I have been much more engaged, though, in marketing and self-promoting since the first years of the 21st century---in relation to my writing.  By registering at 1000s of websites and by interacting with others, as well as by posting millions of words across cyberspace, my use of the word "promote" myself is clearly apt.  In many ways, I am my writing.  I often deal with this complex topic in my essays and poems, my autobiography and my many brief narratives. This interaction in cyberspace has taken-place in a much more controlled way than at chat-rooms. The interaction process for me in cyberspace is like this: (i) I write something or say something; I read something or do something; (ii) then someone writes back to me; (iii) then I write to them, and (iii) this exchange goes on for a day or days, a week or weeks, a month or months, sometimes even years. It can also cease after one exchange. This process involves very little immediate back-and-forthing, the pattern characteristic of chat-rooms.

I was not interested in the chat-room-gigantic-party style of Internet intimacy with its tens of thousands of rooms. I had no interest in parties in real space, to say nothing of one that never stops, that included people from all over the world that was, or so I was told, totally safe & non-threatening. Those chat-rooms let you put on any disguise, be any age or gender or appearance, and talk in half a dozen rooms simultaneously.  Occasionally, I got caught in some on-line chat at sites like Facebook but, after one or two extended backs-and-forths, I extricated myself from such experiences as fast as possible, and as often as was necessary. I am not against chat rooms on principle; they are simply not part of my interest and activity inventory.


The first form of cybersex is computer-mediated interactive-masturbation in real time. In this form of cybersex, users type instructions, descriptions & stories of what they are "doing" to each other and to themselves while masturbating. The second form of cybersex-chat is the computer-mediated telling of interactive sexual stories (in real time) with the intent of arousal. These sexual stories are sometimes based on reality, sometimes on pure fantasy; either way they are almost always very detailed and highly erotic.  These forms of cybersex are often satisfying enough that they can evoke physical orgasm for many of the participants. These two forms of cybersex were available by the time I retired in the late 1990s, and the early years of the 21st century.  Perhaps, if I was younger, if I was a member of the X, the Y, or the Z-generation, I might have found this attractive.  By my late 50s & early 60s, though, as the 20th century was turning into the 21st, I neither had the technical skills to initiate such activity, nor the interest even if I had had such skills.

Cybersex is commonly performed in Internet chat rooms, and on instant messaging systems. It can also be performed using webcams, voice chat systems like Skype, or online games and/or virtual worlds. The exact definition of cybersex—specifically, whether real-life masturbation must be taking place for the online sex act to count as cybersex—is up for debate. It is also fairly frequent in online role-playing games, though approval of this activity varies greatly from game to game. I have never gone to a chat room in the two decades they have been available.  I studiously avoid chat-rooms, although I have often engaged in an online conversation at many an internet site in relation to a multitude of topics in the ways I have already described. These conversations do not take place at or in chat-rooms, but at internet sites like Facebook or any one of the 1000s of sites at which I am registered. I've had 100s of such back-and-forthing, as I say, over varying lengths of time on all sorts of topics, but 99% of its has had nothing to do with sex, or topics involving human sexuality.  For more on cybersex go to:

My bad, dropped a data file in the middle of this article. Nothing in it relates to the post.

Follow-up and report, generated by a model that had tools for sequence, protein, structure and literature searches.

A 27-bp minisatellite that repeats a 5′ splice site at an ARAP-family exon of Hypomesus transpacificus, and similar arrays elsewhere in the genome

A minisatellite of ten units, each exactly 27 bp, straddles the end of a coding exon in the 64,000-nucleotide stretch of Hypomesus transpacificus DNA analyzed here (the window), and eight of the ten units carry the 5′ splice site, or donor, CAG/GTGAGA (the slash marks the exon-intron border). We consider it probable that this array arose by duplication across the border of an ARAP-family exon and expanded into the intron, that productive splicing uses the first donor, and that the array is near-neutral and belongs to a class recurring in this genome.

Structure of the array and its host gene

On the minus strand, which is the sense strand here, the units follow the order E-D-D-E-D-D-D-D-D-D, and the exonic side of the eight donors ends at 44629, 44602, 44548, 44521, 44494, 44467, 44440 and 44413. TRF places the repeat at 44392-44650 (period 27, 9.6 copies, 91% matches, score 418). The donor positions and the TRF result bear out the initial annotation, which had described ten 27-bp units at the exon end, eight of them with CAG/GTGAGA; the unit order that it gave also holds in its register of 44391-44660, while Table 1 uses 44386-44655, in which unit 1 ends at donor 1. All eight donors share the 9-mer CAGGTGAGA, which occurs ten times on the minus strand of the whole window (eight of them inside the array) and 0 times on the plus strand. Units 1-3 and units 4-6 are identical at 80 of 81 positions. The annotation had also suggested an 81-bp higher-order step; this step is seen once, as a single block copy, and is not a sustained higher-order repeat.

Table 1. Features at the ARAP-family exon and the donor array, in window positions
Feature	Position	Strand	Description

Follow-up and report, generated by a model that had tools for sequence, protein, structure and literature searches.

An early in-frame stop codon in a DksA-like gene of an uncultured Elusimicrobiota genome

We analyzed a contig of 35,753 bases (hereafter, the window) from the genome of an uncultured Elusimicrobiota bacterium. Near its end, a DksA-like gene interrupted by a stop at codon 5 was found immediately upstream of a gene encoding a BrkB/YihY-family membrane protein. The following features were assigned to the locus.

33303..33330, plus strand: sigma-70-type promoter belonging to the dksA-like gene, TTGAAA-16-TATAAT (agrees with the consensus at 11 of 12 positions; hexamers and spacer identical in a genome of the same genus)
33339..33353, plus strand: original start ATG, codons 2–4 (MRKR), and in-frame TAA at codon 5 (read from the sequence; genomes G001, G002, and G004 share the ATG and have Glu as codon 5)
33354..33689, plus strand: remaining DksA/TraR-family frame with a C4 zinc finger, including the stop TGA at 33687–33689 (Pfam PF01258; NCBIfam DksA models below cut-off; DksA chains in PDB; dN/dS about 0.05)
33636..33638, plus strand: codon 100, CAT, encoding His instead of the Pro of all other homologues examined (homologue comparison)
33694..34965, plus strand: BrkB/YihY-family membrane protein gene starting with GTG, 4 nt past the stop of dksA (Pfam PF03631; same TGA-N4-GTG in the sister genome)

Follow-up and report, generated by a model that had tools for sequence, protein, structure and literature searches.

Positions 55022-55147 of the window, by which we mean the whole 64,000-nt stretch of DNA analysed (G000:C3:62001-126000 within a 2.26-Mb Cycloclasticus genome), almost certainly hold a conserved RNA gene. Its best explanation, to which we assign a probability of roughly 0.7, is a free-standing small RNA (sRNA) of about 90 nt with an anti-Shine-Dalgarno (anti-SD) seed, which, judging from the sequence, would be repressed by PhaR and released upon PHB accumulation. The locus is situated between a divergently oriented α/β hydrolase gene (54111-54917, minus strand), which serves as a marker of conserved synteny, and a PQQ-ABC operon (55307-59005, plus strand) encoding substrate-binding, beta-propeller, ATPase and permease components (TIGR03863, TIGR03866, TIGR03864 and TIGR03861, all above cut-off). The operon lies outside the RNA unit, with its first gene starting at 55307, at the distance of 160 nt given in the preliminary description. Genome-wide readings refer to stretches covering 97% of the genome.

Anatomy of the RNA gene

THE LOVE SONG OF J ALFRED PRUFROCK                       
Section 1:

A poem which is often the first in a collection of T.S. Eliot's Collected or Selected Poems, 'The Love Song of J. Alfred Prufrock' was conceived in 1910, completed in August 1911, the very month 'Abdu'l-Baha began His first Western tour.  It was published in 1917 at the same time as 'Abdu'l-Baha was penning His Tablets of the Divine Plan.  This work of Eliot's could be seen in terms of a comparison and contrast with the Baha'i experience in the last century. 
To put the above idea a little differently, I could view my own life, of which my sex-life was but a part, and the life of my religion and society in terms of the varied images and metaphors Eliot uses in his famous poem.  The following essay and commentary plays with this poem of Eliot's, with my own life experience over some 60 years, and with my understandings of life, society, and sex. -Ron Price with thanks to T.S. Eliot, "The Love Song of J. Alfred Prufrock," T.S. Eliot: Selected Poems, Faber and Faber, London, 1988(1954), pp.9-15.
The poem begins:
    Let us go then, you and I,
When the evening is spread out against the sky
Like a patient etherised upon a table;
Let us go, through certain half-deserted streets,
The muttering retreats
Of restless nights in one-night cheap hotels
And sawdust restaurants with oyster-shells:
Streets that follow like a tedious argument
Of insidious intent
To lead you to an overwhelming question…..
Oh, do not ask, 'What is it?'
Let us go and make our visit.
Section 1.1: